As “Vision Zero” becomes a household term in the U.S. — and the policymakers implementing it start to see results — traffic fatalities remain the 10th leading cause of death worldwide. The vast majority of those deaths (a whopping 90 percent) occur in low- and middle-income countries, and because many of those countries are just now beginning to ramp up their transportation infrastructure, the problem, if unaddressed, will only get worse.
Those are the findings of a new paper from the World Resources Institute (WRI) and Global Road Safety First (GRSF). The paper compares the many names of a research-backed approach to planning that it terms “Safe System” (otherwise known and as “Vision Zero” in Sweden, Mexico and the U.S., “Sustainable Safety” in the Netherlands and “Safer Journeys” in New Zealand) and explains their underlying commonalities using a metaphoric tower of Swiss cheese.
From the report:
A system has several layers of defenses, barriers, and safeguards. In an ideal world, each layer would be intact; in practice, they are more like slices of Swiss cheese with many holes (areas of weakness) … When this thinking is applied to road safety, the layers include the actions of road users, the choice of travel mode, the active and passive safety systems of the vehicles, the management of travel speed, the features of the road and roadside, and post-crash response, among others. If holes align across layers, the system becomes more dependent on the actions of individual road users and therefore more vulnerable to human error, increasing the risk of a serious or fatal traffic crash. An approach that takes all the components of the system and their interactions into account is likely to decrease the number of holes and increase the number of layers, reducing the chance of the holes aligning.
But that tower strategy is applied more often in high-income countries where the problem is less pronounced. For example, pedestrians and bicyclists account for about 43 percent of total fatalities in Africa, according to the World Health Organization, and in some areas, the number is much higher. Between 2010 and 2015, pedestrians made up 88 percent of total fatalities in Addis Ababa, Ethiopia. The reasons appear simple on the surface — vehicles travel fast, few sidewalks and crosswalks exist — but they’re underlined by funding priorities that mimic the worst eras of U.S.’ planning.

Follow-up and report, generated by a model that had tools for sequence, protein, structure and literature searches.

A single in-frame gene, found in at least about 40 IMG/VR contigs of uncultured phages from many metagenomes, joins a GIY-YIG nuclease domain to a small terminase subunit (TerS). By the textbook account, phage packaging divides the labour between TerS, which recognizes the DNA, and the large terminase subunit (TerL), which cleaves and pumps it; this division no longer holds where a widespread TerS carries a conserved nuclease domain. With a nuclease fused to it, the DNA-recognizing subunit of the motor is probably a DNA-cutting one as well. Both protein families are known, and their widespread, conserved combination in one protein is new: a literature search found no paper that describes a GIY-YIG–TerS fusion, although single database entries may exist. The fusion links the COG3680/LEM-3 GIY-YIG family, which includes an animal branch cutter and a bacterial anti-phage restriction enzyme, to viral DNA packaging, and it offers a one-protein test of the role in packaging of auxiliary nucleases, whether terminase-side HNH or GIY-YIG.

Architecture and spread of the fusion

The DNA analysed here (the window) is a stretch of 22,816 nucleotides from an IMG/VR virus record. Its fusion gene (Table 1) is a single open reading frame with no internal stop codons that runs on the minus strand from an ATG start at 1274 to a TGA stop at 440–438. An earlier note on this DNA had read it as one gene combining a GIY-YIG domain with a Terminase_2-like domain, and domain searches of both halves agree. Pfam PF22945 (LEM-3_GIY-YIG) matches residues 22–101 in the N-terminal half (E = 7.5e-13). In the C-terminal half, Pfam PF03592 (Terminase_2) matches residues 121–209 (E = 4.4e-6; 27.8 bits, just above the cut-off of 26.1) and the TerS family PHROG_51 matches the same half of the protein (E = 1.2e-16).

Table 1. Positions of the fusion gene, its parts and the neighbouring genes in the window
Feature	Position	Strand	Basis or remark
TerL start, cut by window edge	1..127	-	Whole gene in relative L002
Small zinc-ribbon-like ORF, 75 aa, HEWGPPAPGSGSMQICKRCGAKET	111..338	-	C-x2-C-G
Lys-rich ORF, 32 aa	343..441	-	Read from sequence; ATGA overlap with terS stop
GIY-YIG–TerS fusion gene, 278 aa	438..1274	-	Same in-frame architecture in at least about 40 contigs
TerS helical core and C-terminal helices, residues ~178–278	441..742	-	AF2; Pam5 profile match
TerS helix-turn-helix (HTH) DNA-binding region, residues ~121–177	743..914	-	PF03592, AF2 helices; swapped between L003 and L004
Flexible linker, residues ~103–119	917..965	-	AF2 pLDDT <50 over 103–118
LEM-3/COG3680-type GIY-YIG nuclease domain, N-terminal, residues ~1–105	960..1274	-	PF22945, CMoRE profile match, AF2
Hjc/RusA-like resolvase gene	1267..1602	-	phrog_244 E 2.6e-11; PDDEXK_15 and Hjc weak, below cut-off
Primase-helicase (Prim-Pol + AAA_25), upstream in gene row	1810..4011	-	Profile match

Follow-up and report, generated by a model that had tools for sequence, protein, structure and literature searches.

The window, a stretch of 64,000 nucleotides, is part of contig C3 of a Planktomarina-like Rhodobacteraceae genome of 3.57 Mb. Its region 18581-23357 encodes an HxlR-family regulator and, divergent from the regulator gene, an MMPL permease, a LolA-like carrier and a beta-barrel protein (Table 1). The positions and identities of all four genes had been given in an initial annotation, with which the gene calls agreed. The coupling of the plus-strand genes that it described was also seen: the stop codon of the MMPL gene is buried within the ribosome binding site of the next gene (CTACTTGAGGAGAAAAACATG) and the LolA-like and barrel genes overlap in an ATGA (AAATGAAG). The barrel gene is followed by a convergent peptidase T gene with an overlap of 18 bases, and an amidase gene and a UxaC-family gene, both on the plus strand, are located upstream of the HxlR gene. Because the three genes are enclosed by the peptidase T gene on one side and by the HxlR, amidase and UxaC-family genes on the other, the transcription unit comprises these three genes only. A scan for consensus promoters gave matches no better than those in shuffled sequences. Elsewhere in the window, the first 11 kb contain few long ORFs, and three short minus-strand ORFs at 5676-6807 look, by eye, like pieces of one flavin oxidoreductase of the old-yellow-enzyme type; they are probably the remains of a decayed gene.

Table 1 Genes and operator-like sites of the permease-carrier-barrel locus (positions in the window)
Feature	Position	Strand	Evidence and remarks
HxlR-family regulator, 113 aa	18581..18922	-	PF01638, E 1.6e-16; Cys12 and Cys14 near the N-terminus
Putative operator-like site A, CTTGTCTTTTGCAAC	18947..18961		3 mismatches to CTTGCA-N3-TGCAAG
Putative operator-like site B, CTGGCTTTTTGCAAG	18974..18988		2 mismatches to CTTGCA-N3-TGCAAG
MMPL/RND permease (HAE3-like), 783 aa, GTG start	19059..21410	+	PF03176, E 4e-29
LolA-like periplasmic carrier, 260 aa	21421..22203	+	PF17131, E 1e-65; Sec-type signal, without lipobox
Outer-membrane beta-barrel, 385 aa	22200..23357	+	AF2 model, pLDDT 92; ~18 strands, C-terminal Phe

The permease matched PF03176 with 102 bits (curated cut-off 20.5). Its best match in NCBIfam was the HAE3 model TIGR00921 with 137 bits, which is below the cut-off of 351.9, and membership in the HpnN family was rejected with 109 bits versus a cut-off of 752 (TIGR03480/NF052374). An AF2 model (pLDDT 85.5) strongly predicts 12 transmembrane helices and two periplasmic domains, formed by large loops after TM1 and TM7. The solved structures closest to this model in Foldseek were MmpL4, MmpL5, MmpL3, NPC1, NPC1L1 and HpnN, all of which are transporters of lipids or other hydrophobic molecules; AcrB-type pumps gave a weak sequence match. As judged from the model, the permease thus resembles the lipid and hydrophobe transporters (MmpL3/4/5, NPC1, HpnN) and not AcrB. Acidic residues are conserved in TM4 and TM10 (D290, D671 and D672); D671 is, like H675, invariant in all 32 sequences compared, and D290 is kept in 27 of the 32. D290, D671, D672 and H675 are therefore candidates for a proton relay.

(Credit: World Resources Institute and Global Road Safety First)
For example, some funds are available for the countries struggling most with traffic fatalities from the World Bank, the Asian Development Bank and the African Development Bank, among others. But the report suggests that the issue centers more on a lack of policy-making to set goals around safety and guide funds away from high-speed throughways and toward slower streets that can accommodate everyone. That problem is especially pronounced in countries with destabilized governments, where pedestrian fatalities are probably not the first concern for either leaders or residents.
But certain countries, Mexico in particular, have been able to craft Vision Zero policies despite federal challenges.
“A vertically coordinated approach across multiple levels of government can help overcome institutional weaknesses or limits to capacity,” the authors write. “For example, despite limited federal control over urban streets, Mexico reversed an upward trend in road fatalities between 2009 and 2012 by implementing an evidence-based action plan for road safety that targeted the highest-risk groups.”
Overall, the research does a good job of calling out the global problem and identifying one or two promising examples. But obviously, the challenges facing the countries with the highest rates of pedestrian deaths often involve poverty and political instability — and those are challenges that need to be addressed before the Swiss cheese theory will do any good.
Rachel Dovey is an award-winning freelance writer and former USC Annenberg fellow living at the northern tip of California’s Bay Area. She writes about infrastructure, water and climate change and has been published by Bust, Wired, Paste, SF Weekly, the East Bay Express and the North Bay Bohemian